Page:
Restoring the Lyric

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As officials work to restore the Lyric Theatre in downtown Birmingham some obstacles could be expected: funding the project, removing lead paint and plumbing issues. But there are tougher, less obvious challenges too. When the Lyric opened in 1914, Birmingham was a city with lines of segregation and the theatre reflects that. So how do you faithfully restore a historic building still physically marked by the city’s racist past?

When the Lyric opened, it was one of the first theaters in the South where blacks and whites could see the same show at the same time for the same price. But it was still segregated.

Whites entered the theatre on 3rd Avenue North, which had an ornate marquee. Blacks entered through a separate door on 18th Street. Whites entered through the main lobby and sat close to the stage. Black patrons followed a hallway that led to the colored balcony.

 

A view of 18th Street and 3rd Avenue North. Photo courtesy of Glenny Brock.

 

Glenny Brock is the Volunteer Coordinator for Birmingham Landmarks, the nonprofit responsible for the restoration of the Lyric Theatre and Alabama State Theatre. To call Brock a mere cheerleader for the Lyric is an understatement. She’s especially passionate when it comes the fate of the colored balcony and colored entrance.

“I have never wanted anyone to have the sense that we are preserving the colored entrance and colored balcony because we’re like, whistling Dixie. I have never wanted it to come off as anything other than a recognition of ‘this is who we were,'”says Brock.

Birmingham Landmarks has already diverged from history with the entrances. Both now have identical marquees which lead to the main lobby, eliminating any separation. But they are still wrestling with what to do with the colored balcony and they have a lot of options. The chairs that were installed in the 1940’s could be restored. Some of the chairs could be donated to the Civil Rights Institute. Bleachers, the original seating in the colored balcony, could be reinstalled.

 

A view of the stage from the former colored balcony. Photo courtesy of Sarah Delia.

 

“It’s something we have to be real sensitive to,” says Danny Evans chairman of the Birmingham Landmarks board. Evans, Brook, and Birmingham Landmarks Executive Director Brant Beene has been reviewing options for the future of the formerly segregated spaces. “We don’t want there to be any current separation or segregation or any indication like that. If it has significance it has a significance to remind us that those were wounds that we want to be healed but that we don’t want to forget.”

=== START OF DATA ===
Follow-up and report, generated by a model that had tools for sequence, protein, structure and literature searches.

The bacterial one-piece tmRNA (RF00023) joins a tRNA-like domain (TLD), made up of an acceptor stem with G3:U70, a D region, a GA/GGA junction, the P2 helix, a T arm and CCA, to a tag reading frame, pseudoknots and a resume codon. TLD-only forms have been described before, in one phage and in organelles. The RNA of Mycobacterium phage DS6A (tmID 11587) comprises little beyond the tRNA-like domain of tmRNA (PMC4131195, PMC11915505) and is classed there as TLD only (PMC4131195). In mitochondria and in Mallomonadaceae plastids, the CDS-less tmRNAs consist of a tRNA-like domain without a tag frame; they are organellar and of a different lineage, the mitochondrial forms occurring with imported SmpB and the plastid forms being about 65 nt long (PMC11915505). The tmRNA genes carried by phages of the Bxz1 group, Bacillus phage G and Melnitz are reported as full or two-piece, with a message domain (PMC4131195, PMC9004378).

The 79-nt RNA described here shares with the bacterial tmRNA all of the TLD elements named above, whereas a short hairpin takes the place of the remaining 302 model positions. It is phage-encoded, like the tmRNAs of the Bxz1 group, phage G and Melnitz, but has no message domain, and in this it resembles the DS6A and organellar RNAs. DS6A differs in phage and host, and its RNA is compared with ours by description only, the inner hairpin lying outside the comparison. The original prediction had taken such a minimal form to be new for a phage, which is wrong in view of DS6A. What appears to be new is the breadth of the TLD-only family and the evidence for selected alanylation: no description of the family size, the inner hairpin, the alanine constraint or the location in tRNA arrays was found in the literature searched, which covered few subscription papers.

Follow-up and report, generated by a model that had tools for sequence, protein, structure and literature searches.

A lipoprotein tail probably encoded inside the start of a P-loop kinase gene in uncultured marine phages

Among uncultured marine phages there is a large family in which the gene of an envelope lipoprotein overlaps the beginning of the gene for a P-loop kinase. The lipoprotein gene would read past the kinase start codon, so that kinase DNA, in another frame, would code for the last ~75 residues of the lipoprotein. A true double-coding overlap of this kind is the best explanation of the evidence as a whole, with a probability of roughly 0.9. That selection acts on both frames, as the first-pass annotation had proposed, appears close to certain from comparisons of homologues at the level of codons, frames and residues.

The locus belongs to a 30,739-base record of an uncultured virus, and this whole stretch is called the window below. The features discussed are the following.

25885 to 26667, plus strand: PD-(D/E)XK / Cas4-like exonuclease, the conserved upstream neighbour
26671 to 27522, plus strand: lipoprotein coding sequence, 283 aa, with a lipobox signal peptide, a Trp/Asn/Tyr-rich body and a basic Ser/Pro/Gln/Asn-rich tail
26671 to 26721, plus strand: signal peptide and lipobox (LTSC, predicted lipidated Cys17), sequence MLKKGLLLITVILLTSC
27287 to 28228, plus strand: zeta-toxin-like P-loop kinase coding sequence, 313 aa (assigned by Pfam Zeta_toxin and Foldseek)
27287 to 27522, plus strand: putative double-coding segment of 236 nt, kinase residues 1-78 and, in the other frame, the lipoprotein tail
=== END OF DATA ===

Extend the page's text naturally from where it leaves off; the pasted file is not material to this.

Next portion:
Brock echoes those sentiments. “I don’t think we’ll please everybody. But we just want to get it right.”

But when it comes to historic preservation, how do you define ‘getting it right?’ It’s a tough call, says former Auburn University history professor Wayne Flynt.

“If you don’t put the segregated stuff back in the Lyric, that’s basically saying ‘that was the way it was when it was a functioning piece of Birmingham history.’ If you do leave the segregated seating in there, it’s a constant reminder to people who go in there, but no one who goes in there is unaware of what happened anyway.”

Flynt says white staff members of Birmingham Landmarks are bound to experience unease when confronted by the Lyric’s past. Still, he says, it’s part of Birmingham’s history and can’t be ignored.

“As a historian I must confess that what I would tell white people in Birmingham is: get over it. You are what you are. Back there, there’s nothing you can do to make that story different than what it is. So what you do is incorporate it and you use it to point out how far Birmingham has moved.”

Retired historian, Dr. Horace Huntley, agrees the history of the Lyric should be incorporated in the restoration. As a black teenager in the 50’s and 60’s, Huntley experienced the segregation in the Lyric first hand.

Despite those memories, Huntley is looking forward to the reopening. He says the Lyric could have an important role in the revitalization of downtown, a role it can only play with its doors open. So it’s hard for him to understand the fear of not getting the restoration right.

“I don’t think there’s a need to be concerned about what it will be. We know what it will not be and that is important to me as a person who grew up in Birmingham. It will not be the same Lyric.”

Organizers plan to reopen the Lyric sometime in 2014, the same year as its 100th birthday. They hope the old vaudeville theatre can become a place for everyone to gather, without forgetting the separation of the past.

 

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